Most everyone has heard about the physical health benefits that come from practicing yoga – from increased flexibility, to relief from chronic pain, to improved strength, muscle tone, and balance. But more and more research is concluding what the ancient yogis and modern practitioners have already come to understand firsthand: that yoga can also have profound psychological and cognitive benefits as well. While yoga can do wonders for the body, the more profound power of the practice comes from its effect on your emotions and your mind.
1. Yoga offers stress relief
Stress seems to surround us in contemporary life. Many of us are continuously facing time constraints, financial pressures, and growing responsibilities at work and at home. These ongoing challenges can permeates our lives and drain our vitality. Repeated studies have shown that the physical postures of yoga – combined with breathing techniques and meditation – reduce tension, encourage relaxation, and lead to a greater sense of calm and equanimity.
2. Alleviating anxiety and depression with yoga
Yoga’s ability to help our bodies relax can help our minds to relax as well. As physical tension is replaced with a sense of strength and balance, a parallel change often occurs in our mental state. Yoga helps to drop blood pressure and reduce the levels of stress hormones such as cortisol and epinephrine, significantly reducing anxiety. Yoga and meditation can help us to boost our moods, focus on the present moment, and reframe negative thought patterns that leave us stuck in a rut.
3. Regular yoga practice can boost memory and improve concentration
Our busy, hectic lives often find us juggling too many tasks at once. This can leave us feeling distracted and scattered as we try to complete our growing to-do lists while balancing our work and family commitments. With so many items vying for our attention – often at the same time – it can be difficult to concentrate on a given task for an extended period and sometimes even to remember everything that we were supposed to do.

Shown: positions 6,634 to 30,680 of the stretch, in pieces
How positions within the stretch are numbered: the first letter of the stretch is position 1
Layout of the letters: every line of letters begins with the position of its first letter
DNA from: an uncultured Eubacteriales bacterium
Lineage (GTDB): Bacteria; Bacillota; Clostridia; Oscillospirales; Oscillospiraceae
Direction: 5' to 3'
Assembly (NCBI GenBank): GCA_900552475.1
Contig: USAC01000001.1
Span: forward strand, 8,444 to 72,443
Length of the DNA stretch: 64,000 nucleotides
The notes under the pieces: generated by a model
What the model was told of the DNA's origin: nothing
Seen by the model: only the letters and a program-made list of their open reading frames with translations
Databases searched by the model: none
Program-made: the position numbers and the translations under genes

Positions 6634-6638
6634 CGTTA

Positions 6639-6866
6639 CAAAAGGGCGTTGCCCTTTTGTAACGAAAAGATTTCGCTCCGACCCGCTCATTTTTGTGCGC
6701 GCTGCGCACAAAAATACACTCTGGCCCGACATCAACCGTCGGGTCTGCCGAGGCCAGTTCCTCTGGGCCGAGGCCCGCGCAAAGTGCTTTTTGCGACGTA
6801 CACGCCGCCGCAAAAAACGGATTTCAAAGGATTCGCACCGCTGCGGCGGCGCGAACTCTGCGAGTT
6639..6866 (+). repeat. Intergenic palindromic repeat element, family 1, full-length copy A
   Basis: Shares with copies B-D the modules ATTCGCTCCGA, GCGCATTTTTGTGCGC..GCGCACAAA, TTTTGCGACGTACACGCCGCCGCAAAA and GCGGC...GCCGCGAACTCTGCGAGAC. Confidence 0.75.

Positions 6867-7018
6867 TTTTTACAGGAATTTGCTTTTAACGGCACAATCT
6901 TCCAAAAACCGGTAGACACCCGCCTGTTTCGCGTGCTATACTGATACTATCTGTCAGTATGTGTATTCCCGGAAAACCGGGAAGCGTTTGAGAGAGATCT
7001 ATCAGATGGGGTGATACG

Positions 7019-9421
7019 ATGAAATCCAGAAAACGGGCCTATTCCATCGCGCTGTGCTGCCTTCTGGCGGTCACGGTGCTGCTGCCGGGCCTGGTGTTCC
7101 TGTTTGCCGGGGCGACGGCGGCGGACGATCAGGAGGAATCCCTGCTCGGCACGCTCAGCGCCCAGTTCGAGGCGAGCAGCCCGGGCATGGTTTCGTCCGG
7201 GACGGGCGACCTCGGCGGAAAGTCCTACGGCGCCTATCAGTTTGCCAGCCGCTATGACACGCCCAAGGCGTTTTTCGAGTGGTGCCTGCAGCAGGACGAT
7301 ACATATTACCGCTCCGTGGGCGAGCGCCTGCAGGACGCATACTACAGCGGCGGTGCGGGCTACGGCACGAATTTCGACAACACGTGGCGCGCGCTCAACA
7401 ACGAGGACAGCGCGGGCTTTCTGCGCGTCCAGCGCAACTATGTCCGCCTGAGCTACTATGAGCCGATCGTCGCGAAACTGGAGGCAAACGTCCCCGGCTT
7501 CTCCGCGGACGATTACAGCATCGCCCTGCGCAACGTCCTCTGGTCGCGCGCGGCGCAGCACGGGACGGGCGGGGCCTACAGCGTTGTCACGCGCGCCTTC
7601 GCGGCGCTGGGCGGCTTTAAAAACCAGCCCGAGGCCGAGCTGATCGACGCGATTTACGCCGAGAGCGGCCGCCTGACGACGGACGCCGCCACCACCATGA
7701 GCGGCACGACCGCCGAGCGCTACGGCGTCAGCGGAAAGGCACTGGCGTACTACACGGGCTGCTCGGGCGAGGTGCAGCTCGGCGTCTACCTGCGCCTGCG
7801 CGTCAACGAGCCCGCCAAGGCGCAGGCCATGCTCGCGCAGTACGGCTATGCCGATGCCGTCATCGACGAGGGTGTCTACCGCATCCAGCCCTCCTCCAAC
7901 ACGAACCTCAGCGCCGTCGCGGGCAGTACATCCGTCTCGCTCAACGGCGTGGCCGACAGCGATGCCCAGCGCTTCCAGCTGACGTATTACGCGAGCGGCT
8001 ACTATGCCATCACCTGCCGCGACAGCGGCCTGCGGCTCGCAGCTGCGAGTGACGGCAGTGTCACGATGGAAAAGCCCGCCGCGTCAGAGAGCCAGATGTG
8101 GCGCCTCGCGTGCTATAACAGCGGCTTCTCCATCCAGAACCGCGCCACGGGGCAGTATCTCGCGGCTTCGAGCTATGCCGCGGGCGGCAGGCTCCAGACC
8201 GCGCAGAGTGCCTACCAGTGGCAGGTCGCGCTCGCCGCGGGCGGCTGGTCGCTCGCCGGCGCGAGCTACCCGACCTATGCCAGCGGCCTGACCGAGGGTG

A growing body of research has shown that yoga can be an effective tool for improving concentration and enhancing memory as well. Dharana, or the practice of concentration, is the perfect remedy for a cluttered mind and stressed senses; it enables you to remove the “noise” from your thoughts and focus your mind, helping you to remember things more clearly, concentrate better, and give you greater overall clarity of thought. New studies also indicate that regular yoga practice can help to head off symptoms of Alzheimer’s and dementia, aiding the brain in forming new connections and recovering lost cognitive abilities.
4. Yoga can reduce the effects of PTSD
Yoga has also been found to be effective in alleviating the symptoms of Post Traumatic Stress Disorder (PTSD). Severely traumatic events often leave deep and lasting scars that are both physical and emotional. Therapeutic yoga can serve as a treatment bridge to increase a sense of awareness, safety, and control while also giving victims a new sense of perspective on their traumas and assisting in the recovery process. Yoga can be a potent tool for alleviating the wounds of profound trauma, which can lead to a renewed sense of empowerment that expedites healing.
5. Adolescent psychological disorders may be prevented through practicing yoga
Being a teenager can be tough. It’s a transitional stage of life as adolescents shift from being a child to becoming an adult. Hormones are raging, the process of individuation is beginning, and teens are more aware of the world beyond their homes and the challenges that await them. Combine this with feeling added pressure at school – both academic and social – as well as increased responsibilities at home, and it can be a volatile stage of life.
Mood swings, acting out, and withdrawal can all be problems for today’s teens and create friction with parents, siblings, and teachers. Preliminary evidence from a Harvard Medical School study indicates that yoga can be helpful in reducing behavioral problems among high school students. In the study, half of the class practiced Kripalu Yoga – which centers around physical postures, breathing, relaxation, and meditation – while the other half took a regular physical education (PE) class instead. Those students who took part in the yoga sessions displayed better moods in general, along with lower anxiety levels and improved ability to control anger. Since adolescence is such an important time for the development of mental health, including learning healthy coping strategies for stress, the benefits have the potential to extend into adult life as well.
So while many people are touting the physical benefits that come from a regular yoga practice, it’s clear that yoga can enhance our lives in ways that are much more profound that just changing our bodies. Yoga affects our mental and emotional states in many positive ways: relieving stress, decreasing depression, increasing focus and clarity, and helping to work through troubling emotions. Each passing day and each new scientific study reveal increasing evidence of the positive benefits that yoga can bring to our daily lives.